Vba show form non modal note

First, I don't want my comments to be construed as disparaging anyone who is a VBA pro or uses it religiously.  In the past, I used it in a very limited way and I guess its fine, but limited. (by limited, I mean it doesn't have the endless libraries of something like Python or R).  Also, I know many banking, hedge funds and folks who don't know scripting languages also use it. So, its not like nobody uses it. However, I think those who use it, mainly use it because they are not aware of other better options available.

With that said, having been a quant type guy and spreadsheet user since the days of Quattro Pro, here is my take.

I think VBA will probably die at some point and be replaced with a more widely used and flexible language like Python or Julia. I'm not super read up on what Microsoft is thinking these days, but I imagine at some point, it makes sense for them to just go ahead and replace VBA with an option to use Python. They have a fairly large legacy user base for this stuff, so I expect they'll continue to support it in one way or another for quite a while to come.  In any case, here is an example of what Python in Excel looks like: Python in Excel - DataNitro . Admittedly, I'm curious as to why Microsoft doesn't just buy these guys.

While I don't love Google Spreadsheets (kinda the "play at home spreadsheet"), one thing to take note of is Google's App scripting language is very similar to Javascript Extending Google Sheets. I think this is a precursor to just simply making the programming language for Google spreadsheets plain old Javascript, but I'm not sure.

Finally, I don't want to say anything hyperbolic like "spreadsheets are dead," but the recent scientific computing movement is beginning to create serious cracks in what was once the impenetrable fortress that was spreadsheets.  To someone who was once a true "spreadsheet junkie", the The IPython Notebook feels like it is to spreadsheets what the internet was newspapers.  For anyone using spreadsheets for a long time, the classic problems with them are this:

  1. Not ideal for collaboration - its hard to work on a spreadsheet with more than one person at the same time - you can do this in Google Docs, but Google Spreadsheets are a bit under powered (IMO). If one person is changing formula or inputs and you don't have some kind of version control, sending spreadsheets around gets messy.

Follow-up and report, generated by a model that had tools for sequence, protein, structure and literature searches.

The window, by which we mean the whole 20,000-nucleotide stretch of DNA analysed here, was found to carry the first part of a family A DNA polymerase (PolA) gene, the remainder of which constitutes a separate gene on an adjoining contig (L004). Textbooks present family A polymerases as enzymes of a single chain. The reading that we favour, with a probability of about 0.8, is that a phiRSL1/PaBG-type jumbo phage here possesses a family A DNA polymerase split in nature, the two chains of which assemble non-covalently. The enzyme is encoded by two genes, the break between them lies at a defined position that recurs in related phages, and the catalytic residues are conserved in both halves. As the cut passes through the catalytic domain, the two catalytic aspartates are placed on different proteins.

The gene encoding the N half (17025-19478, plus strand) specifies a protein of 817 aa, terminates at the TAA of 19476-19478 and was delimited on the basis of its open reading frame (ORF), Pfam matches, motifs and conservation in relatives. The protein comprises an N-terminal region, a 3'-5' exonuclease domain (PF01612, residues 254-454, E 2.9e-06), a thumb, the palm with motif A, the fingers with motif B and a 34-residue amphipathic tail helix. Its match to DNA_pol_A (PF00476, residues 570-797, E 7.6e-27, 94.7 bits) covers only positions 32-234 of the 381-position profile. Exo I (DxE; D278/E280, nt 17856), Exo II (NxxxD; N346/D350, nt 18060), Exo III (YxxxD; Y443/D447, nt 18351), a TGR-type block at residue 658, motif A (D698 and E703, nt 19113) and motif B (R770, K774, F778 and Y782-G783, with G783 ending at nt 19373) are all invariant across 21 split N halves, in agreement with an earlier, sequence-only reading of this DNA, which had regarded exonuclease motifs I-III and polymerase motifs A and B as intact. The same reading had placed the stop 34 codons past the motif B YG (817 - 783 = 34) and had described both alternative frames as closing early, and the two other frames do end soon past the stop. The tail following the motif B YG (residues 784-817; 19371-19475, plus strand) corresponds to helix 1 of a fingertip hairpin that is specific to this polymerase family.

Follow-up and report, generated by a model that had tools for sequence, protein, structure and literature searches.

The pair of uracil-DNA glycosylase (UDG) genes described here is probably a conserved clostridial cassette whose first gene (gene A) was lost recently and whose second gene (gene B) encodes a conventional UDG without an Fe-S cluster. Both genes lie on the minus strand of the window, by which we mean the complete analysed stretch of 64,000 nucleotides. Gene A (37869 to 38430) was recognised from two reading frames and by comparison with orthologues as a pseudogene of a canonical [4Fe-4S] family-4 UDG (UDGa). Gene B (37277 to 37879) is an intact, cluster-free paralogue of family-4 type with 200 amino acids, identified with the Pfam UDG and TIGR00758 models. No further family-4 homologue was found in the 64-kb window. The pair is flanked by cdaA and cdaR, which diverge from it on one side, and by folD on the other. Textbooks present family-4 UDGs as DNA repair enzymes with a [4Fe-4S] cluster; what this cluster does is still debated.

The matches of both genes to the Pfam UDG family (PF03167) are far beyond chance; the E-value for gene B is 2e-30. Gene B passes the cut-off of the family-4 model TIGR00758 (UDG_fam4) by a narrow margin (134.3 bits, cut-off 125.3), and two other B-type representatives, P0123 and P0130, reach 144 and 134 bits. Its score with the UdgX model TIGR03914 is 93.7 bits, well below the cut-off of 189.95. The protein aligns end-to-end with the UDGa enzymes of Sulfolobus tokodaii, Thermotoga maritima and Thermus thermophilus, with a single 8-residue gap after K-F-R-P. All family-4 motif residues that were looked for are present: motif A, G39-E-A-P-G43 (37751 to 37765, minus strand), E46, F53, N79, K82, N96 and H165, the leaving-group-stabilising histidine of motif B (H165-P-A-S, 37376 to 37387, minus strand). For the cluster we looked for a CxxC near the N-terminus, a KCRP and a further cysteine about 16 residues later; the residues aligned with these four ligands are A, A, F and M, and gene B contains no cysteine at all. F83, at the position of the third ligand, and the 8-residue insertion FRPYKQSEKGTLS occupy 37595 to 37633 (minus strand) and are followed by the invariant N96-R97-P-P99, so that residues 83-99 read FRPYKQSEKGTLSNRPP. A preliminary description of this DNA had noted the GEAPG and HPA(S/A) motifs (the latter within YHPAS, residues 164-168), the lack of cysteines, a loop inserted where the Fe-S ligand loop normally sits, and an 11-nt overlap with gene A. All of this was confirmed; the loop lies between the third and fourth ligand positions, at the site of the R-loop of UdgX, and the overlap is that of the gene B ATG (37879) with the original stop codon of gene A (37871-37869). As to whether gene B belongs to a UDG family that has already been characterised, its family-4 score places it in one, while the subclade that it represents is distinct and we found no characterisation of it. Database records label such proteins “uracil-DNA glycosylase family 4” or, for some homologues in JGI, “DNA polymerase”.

2. Can be hard to figure out how someone calculated something - Sure, if the creator of the spreadsheet is super observant and documents every cell with comments etc, then you can figure out how the spreadsheet works. Most of the time, people aren't. So, receive a spreadsheet and depending on the number of tabs and complexity, you could literally spend more hours figuring out just how the thing works and be completely burned out by the time you turn to understanding the analysis.
  3. Excel is slow and clunky on large datasets - If you are analyzing anything over a 10's of 1000s of lines, then it can be super slow. Also, if the file has links in it, these links are often broken.
Anyway, the Notebook represents a real leap forward in how we build analysis and models. Think "calculating document" - imagine all the words in a MS Word document combined with the calculation power of Excel. Also, in notebooks, its very easy to sequentially walk through exactly what the writer of the script did. Finally, while Python isn't the fastest language in the world, things like vectorized computation make it much more ideal than Excel for handling medium data processing tasks and analysis.

I guess I would sum things up this way: If you already know VBA, are good at it and have people asking you to do projects, then so long as someone is willing to pay, then why not? However, I do think the world is changing (Python, R, Julia etc) and I'd start to develop expertise in those areas. If I didn't know VBA, I'd probably bypass it (unless my job absolutely required it) and opt to learn Python, R, Julia and their various libraries.

One final note: Like I said above, I was a real spreadsheet jockey. For probably 20 years, Excel was NEVER not open my PC. Then, I started to run into problems processing data sets I needed to understand (think 100s of 1000s of lines of ad server data). At this point, I knew I needed to change my ways and my approach. Excel could not (at least not easily and in reasonable time frame) allow me to do the kinds of analysis I needed. So, I bit the bullet and learned to code Python. It literally changed my life and I am thankful I did it. Now, I rarely open Excel and mainly just dump data and analysis into spreadsheets when I need to share them with an audience who can't understand anything else (which is often).

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